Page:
In my early days of running, my boyfriend handed me a beeper (and no, he wasn’t a drug dealer) and said, “Go as far as you can for as long as you can without walking.”
I listened to my body.
I ran when I wanted to run, and I took rest days when I didn’t.
I had no ‘I didn’t run today’ guilt, no ‘I did 35 miles this week’ obsessive thoughts.
I ran, simply, because I felt like running.
Something happened when I entered my thirties, a time in my life I felt I had to dothings and go places and get something done to prove what I could do.
For the record, there’s not one damn thing I did in my thirties that HAD to get done or that COULDN’T wait until my forties, minus:
pushing two babies from my womb so I could actually touch my toes again, and
that one time I got a bit crazy in Vegas after drinking too much red wine out of a plastic cup and . . . but I digress
Running became something I had to do, not something I did because I wanted to do it.
I had to get in the miles.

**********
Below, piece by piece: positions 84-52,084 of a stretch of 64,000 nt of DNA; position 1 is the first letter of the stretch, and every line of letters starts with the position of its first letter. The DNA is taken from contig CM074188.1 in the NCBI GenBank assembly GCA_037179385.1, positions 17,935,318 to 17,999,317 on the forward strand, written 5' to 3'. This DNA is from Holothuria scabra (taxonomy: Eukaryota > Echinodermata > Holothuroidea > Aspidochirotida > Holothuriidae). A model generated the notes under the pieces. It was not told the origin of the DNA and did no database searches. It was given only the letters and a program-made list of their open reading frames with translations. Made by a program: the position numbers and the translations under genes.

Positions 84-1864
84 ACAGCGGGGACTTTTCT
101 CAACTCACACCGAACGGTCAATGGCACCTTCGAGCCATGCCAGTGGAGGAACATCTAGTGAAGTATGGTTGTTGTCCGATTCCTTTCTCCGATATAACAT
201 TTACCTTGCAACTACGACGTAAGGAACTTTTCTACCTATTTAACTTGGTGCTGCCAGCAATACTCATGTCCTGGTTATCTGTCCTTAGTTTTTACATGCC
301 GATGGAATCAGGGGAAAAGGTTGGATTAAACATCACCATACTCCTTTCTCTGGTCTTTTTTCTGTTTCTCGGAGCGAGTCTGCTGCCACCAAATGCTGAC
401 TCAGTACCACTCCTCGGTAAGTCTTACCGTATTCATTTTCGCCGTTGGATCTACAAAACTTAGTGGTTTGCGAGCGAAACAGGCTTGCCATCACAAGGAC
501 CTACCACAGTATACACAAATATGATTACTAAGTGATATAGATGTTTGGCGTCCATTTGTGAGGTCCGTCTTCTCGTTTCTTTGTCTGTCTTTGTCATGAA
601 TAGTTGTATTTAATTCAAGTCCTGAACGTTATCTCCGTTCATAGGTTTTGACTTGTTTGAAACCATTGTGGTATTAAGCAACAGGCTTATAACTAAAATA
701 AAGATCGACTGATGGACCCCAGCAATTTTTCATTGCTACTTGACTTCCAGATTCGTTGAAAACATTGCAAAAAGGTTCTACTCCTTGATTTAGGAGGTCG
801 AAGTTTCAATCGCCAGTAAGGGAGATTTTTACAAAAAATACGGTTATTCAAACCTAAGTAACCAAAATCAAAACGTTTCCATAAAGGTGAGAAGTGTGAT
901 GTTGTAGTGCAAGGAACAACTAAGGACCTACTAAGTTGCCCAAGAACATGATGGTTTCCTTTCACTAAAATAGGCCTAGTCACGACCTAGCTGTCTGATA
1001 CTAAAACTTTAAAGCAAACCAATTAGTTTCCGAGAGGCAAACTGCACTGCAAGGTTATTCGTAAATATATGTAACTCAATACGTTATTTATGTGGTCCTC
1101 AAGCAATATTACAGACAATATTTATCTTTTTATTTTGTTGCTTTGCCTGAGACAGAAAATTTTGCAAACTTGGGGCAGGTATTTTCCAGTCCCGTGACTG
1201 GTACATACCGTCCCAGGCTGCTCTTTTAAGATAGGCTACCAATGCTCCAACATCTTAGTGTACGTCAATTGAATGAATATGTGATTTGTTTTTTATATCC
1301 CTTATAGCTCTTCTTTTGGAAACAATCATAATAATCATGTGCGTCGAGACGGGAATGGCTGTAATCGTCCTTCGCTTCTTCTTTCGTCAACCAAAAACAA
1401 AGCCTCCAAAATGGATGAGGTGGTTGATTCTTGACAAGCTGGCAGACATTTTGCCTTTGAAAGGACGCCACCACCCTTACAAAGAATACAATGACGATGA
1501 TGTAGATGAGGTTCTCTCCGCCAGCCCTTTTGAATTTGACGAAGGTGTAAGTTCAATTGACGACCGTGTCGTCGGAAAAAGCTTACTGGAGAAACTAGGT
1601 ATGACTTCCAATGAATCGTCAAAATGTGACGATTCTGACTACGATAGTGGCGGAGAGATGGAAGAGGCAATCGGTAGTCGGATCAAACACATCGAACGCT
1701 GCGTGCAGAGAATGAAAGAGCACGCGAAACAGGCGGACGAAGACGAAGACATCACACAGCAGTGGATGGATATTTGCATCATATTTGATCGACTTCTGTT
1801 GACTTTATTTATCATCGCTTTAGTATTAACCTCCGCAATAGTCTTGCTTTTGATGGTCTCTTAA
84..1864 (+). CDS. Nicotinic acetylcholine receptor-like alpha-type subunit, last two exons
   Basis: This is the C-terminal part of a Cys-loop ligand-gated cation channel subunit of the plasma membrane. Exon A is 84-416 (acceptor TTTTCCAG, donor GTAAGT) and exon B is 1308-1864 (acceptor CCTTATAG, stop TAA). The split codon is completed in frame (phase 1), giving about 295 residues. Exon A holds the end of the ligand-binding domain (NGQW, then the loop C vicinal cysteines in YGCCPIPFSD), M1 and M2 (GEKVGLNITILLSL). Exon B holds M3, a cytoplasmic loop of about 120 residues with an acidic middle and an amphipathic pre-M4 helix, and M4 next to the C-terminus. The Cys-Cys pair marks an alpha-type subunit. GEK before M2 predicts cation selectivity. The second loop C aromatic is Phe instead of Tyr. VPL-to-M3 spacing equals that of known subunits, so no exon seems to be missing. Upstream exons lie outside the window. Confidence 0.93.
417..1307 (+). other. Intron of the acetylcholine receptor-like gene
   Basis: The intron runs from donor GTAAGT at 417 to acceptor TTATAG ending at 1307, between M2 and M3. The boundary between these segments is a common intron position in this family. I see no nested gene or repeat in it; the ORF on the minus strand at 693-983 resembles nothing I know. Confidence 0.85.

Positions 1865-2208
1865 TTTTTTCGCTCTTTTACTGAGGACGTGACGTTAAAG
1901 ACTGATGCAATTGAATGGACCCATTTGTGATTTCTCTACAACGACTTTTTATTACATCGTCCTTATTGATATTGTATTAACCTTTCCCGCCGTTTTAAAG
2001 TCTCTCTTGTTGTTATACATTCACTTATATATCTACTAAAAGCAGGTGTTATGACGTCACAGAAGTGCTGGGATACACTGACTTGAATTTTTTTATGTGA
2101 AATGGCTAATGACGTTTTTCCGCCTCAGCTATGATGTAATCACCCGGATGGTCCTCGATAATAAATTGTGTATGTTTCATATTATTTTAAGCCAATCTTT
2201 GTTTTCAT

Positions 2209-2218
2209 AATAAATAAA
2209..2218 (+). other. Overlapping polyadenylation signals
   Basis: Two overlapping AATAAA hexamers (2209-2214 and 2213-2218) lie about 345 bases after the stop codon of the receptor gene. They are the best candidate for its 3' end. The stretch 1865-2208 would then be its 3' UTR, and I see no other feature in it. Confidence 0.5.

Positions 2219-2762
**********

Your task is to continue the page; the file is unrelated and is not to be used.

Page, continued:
I had to enter the races.
I had to Follow the Plan.
I tracked every single step I ran, noting mileage and pace.
I obsessed over the numbers, adding them up in my head throughout the day.
I played math games (and I hate math!): “If I run another five miles this week I’ll hit thirty!”
And if I didn’t, I kicked myself for it.
Of course, all of that led to injury, burnout, and frustration. I’d go too hard, too often, too much, too fast, and my joints and muscles would twitch and ache in protest before finally giving out.
I didn’t care. I was a runner. And that, I thought, is what runners did.
After blowing by my fortieth birthday like a sports car driver racing Daytona, I realized something: Runners run, but to do so they have to learn to listen to the body.
A funny, albeit shitty, thing happened after I hit 40: My body got a little less forgiving, and when the muscles said they had enough, they meant it. Push through and I’d wind up with ITB issues, tendonitis, or a nasty virus that seemed to pass over everyone else but invade my stomach with malice.
My way of thinking changed, too. I realized that a day off would mean better performance the day I did run, and that, in the grand scheme of things, what did it matter if I missed a five miler when my body and mind were telling me to take a break?
Eventually, I went from Following the Plan to Listening to my Body. So far, my injuries have been less, and I haven’t hit burnout the way I once did.
I don’t know that I have the same drive, which worries me. But I can say my performance and pace have improved with time, just like a good wine.